Freemium Business Models
Freemium business models are widely used, including by major companies such as Spotify, Pandora, SurveyMonkey and Dropbox. Many freemium based start-ups are very common in industry segments such as mobile gaming, music, personal productivity, and office collaboration. Other successful freemium based examples include MailChimp, Box, OneDrive, Evernote, Slack, Hootsuite, Zapier, FreshBooks, Trello, EchoSign, 23 and Me, Ancestry and Wordpress. Freemium business models typically utilize no-cost entry pricing to generate downstream profitability. Freemium marketing is a strategy of providing something for free and then charging a premium for something else. It is a combination of both “free” and “premium”, and the concept typically suggests that a company offer a subset of its services to some users for free, perhaps into perpetuity. Successful freemium model strategy expects that most users will utilize only the free basic service but that a small core group of frequent users will pay for the additional services.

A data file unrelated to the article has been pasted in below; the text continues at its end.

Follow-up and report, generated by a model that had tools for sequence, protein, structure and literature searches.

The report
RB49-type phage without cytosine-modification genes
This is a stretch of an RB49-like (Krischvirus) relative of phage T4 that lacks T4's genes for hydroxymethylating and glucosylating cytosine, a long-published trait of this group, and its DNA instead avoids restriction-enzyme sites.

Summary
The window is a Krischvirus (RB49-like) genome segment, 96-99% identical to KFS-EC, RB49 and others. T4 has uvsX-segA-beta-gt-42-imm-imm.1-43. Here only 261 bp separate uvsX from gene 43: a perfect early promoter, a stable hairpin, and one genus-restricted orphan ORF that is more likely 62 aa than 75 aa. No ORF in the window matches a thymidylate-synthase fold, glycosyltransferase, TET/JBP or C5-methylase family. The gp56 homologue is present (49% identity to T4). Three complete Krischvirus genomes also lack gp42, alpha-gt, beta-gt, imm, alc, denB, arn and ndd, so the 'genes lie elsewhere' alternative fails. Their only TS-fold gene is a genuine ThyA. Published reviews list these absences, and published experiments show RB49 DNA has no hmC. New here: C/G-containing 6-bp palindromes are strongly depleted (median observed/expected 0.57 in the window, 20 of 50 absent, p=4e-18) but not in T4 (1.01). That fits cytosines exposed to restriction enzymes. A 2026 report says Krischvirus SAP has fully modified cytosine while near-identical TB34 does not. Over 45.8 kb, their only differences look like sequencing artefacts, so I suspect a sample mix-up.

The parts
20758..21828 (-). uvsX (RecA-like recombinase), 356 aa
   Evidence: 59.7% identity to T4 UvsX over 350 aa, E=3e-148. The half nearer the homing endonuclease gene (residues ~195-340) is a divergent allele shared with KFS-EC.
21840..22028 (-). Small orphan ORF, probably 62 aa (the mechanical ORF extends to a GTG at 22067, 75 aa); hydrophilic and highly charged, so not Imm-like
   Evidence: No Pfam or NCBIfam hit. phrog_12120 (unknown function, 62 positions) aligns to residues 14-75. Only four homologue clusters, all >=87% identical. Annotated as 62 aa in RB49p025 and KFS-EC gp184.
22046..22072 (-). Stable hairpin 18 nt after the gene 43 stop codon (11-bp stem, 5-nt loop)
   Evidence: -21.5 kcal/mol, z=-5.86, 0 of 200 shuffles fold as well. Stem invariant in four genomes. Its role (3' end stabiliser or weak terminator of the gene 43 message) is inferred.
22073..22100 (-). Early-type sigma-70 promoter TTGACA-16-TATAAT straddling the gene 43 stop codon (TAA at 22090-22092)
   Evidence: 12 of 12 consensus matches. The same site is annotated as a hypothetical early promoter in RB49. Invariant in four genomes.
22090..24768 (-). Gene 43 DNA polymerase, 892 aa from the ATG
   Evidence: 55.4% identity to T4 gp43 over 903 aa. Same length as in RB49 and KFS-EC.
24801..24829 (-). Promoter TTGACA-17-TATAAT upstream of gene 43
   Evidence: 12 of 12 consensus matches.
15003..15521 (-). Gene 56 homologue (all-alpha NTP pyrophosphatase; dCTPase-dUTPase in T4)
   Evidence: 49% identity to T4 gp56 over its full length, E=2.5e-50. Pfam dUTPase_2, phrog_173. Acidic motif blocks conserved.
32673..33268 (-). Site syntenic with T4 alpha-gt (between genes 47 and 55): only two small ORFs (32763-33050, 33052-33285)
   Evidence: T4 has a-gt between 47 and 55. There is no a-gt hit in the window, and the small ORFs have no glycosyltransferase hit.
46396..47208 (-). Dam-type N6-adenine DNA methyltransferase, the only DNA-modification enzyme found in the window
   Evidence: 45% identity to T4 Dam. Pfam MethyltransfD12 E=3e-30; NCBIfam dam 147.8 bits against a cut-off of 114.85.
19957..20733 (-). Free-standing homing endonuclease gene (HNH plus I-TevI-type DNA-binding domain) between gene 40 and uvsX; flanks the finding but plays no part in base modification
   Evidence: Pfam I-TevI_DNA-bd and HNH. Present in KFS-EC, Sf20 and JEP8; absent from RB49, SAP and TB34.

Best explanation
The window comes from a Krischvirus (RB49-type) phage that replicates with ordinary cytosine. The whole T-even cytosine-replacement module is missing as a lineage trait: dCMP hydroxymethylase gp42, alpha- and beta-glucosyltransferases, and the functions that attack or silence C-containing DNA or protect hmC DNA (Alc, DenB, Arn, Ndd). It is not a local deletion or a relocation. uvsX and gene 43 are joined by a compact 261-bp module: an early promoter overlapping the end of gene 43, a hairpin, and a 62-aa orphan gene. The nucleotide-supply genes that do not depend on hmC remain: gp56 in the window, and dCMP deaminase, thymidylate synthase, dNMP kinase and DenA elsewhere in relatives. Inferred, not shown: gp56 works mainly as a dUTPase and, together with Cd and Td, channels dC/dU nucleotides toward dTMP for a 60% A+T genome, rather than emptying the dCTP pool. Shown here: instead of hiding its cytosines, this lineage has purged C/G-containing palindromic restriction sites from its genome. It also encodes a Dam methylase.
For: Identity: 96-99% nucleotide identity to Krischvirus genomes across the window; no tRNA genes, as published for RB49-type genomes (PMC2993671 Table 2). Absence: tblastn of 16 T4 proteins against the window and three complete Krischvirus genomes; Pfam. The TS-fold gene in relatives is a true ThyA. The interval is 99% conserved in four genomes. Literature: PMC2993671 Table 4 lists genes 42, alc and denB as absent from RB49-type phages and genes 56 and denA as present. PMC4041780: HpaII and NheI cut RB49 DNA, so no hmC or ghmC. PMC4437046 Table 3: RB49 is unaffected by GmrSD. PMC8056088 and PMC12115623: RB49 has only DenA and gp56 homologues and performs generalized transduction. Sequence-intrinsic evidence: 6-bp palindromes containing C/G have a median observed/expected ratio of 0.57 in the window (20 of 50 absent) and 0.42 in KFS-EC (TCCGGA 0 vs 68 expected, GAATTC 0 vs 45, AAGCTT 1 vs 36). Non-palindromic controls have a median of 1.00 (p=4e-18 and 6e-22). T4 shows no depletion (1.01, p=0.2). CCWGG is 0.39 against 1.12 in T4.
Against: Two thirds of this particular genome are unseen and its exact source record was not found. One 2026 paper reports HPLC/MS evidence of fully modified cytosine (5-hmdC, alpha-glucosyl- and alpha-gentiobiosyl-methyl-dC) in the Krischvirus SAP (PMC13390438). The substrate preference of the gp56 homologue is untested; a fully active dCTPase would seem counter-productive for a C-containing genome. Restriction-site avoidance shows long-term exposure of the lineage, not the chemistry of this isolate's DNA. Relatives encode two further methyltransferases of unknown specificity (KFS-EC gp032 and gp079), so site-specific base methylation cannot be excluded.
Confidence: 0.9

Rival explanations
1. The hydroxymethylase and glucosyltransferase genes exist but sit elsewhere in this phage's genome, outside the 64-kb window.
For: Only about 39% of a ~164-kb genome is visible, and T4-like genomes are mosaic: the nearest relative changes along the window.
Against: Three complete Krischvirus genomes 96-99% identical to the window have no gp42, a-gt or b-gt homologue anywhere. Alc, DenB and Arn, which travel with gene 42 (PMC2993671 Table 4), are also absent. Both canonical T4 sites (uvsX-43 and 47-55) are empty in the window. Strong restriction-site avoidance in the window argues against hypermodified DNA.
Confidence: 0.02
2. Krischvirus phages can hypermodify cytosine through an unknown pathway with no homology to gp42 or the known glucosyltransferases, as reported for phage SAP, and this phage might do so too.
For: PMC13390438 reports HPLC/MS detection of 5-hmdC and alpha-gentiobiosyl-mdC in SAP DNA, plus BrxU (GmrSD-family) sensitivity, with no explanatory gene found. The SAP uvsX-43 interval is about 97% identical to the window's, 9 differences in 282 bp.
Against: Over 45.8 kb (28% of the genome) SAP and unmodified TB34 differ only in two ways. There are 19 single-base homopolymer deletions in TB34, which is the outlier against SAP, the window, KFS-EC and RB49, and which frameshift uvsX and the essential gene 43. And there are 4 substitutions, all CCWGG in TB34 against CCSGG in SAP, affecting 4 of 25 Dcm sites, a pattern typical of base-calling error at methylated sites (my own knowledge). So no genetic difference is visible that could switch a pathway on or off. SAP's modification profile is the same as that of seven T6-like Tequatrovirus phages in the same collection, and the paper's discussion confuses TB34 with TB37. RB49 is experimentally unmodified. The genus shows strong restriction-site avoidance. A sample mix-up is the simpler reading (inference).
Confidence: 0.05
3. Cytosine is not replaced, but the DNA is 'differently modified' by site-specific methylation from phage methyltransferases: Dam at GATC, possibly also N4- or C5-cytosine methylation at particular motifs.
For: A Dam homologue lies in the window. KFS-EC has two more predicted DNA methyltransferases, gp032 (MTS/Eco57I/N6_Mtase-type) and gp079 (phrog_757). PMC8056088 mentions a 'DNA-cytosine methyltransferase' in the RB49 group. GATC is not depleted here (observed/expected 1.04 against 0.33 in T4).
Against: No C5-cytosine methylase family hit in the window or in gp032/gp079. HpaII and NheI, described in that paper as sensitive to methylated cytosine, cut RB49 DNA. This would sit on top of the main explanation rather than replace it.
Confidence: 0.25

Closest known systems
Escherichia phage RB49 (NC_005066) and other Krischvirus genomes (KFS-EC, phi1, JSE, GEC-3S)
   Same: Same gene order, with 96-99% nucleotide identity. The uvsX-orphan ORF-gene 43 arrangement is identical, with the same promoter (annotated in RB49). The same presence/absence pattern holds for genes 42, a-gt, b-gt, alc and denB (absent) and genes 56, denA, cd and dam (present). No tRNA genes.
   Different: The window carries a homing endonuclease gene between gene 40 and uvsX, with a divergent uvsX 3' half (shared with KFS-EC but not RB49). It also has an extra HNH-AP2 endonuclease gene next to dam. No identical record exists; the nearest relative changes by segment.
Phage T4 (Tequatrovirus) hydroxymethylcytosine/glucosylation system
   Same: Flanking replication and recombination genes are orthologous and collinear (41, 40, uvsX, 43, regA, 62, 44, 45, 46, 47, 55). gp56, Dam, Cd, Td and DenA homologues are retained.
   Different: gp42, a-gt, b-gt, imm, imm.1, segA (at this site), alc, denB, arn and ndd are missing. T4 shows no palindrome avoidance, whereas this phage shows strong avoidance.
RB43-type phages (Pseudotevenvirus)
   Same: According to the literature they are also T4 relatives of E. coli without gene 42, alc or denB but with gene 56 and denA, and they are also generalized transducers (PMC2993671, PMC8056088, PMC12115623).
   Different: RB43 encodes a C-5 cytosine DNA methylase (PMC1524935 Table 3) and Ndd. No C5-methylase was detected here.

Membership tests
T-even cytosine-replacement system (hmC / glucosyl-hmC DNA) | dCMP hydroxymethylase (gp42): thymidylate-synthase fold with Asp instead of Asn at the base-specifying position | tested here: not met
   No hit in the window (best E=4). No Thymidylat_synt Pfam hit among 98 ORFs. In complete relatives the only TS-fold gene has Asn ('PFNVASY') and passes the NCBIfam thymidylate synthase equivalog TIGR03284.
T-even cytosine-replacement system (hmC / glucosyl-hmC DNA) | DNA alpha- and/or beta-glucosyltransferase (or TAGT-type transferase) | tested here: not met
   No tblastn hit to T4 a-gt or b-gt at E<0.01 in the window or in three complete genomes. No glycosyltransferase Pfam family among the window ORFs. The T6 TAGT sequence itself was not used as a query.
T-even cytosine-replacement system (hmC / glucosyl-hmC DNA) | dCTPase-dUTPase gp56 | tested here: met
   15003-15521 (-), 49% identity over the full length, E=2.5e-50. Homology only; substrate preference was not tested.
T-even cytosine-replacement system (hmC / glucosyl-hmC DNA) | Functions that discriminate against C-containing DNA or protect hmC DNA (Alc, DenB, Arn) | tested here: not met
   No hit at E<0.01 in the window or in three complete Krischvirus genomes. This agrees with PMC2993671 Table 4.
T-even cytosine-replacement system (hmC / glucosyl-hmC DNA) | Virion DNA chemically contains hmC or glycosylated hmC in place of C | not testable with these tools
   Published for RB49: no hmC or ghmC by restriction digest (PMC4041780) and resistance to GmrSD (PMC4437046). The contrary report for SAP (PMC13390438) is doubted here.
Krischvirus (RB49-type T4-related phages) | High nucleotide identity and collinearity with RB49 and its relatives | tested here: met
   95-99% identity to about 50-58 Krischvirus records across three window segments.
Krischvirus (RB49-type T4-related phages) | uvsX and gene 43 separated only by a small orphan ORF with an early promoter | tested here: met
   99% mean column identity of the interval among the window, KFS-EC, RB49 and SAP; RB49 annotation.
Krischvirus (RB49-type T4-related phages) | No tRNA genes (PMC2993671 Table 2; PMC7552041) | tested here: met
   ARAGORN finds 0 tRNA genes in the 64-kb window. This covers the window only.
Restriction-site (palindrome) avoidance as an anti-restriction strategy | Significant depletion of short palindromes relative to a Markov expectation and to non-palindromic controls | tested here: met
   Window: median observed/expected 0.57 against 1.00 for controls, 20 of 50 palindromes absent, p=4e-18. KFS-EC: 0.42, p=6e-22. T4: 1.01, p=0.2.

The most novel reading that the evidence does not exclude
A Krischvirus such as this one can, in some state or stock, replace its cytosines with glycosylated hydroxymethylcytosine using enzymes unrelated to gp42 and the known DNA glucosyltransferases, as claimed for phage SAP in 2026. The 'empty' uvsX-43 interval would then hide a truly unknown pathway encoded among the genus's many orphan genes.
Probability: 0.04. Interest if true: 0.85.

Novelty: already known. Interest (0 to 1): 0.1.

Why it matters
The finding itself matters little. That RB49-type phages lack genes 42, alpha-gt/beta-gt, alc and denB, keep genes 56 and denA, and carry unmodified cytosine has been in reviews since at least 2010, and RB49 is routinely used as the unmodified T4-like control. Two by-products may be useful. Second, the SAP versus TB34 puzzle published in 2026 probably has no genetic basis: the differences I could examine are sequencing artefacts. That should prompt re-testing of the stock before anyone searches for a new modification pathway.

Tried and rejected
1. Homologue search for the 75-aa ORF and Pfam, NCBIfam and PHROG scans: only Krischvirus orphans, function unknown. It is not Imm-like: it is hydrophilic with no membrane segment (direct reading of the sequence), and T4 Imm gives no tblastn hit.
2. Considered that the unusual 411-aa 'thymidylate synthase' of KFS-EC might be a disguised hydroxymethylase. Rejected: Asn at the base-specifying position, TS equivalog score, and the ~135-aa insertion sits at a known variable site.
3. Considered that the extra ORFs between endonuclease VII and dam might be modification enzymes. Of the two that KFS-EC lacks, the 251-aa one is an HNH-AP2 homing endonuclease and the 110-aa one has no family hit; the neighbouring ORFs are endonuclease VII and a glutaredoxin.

In the freemium business model, a product or service is provided free of charge, but money is charged for a “premium” version of the product or service (Schenck, 2011). This pricing model is possible because technology allows services or products to be replicated and provided at very low incremental costs, thereby removing traditional barriers to profitability. The key success element of this business model is conversion. Most freemium companies have reported customer conversion rates of 1 to 10 percent (with the average of 2 to 4 percent). Koch and Benlian (2017) report that premium users typically account for 3 to 5 percent of total users. In any case, premium users rarely pay more than a few hundred dollars per year. Reported conversion rates for major freemium companies range from 4% (Dropbox), 6.5% (Skype), 7% (Flickr) to 10% (Spotify). Another variation to the free version is offering a trial version of a complete product or service. Companies using a trial period model allow consumers or business users to access the full product for a limited amount of time before requiring consumers to purchase the product for further use. Examples of this model include IBM SPSS (data analysis), YouSendIt (large file sharing) and 37 Signals (office collaboration). As a further illustration, Amazon.com uses this model extensively to pivot customers to one of its new product or service offerings.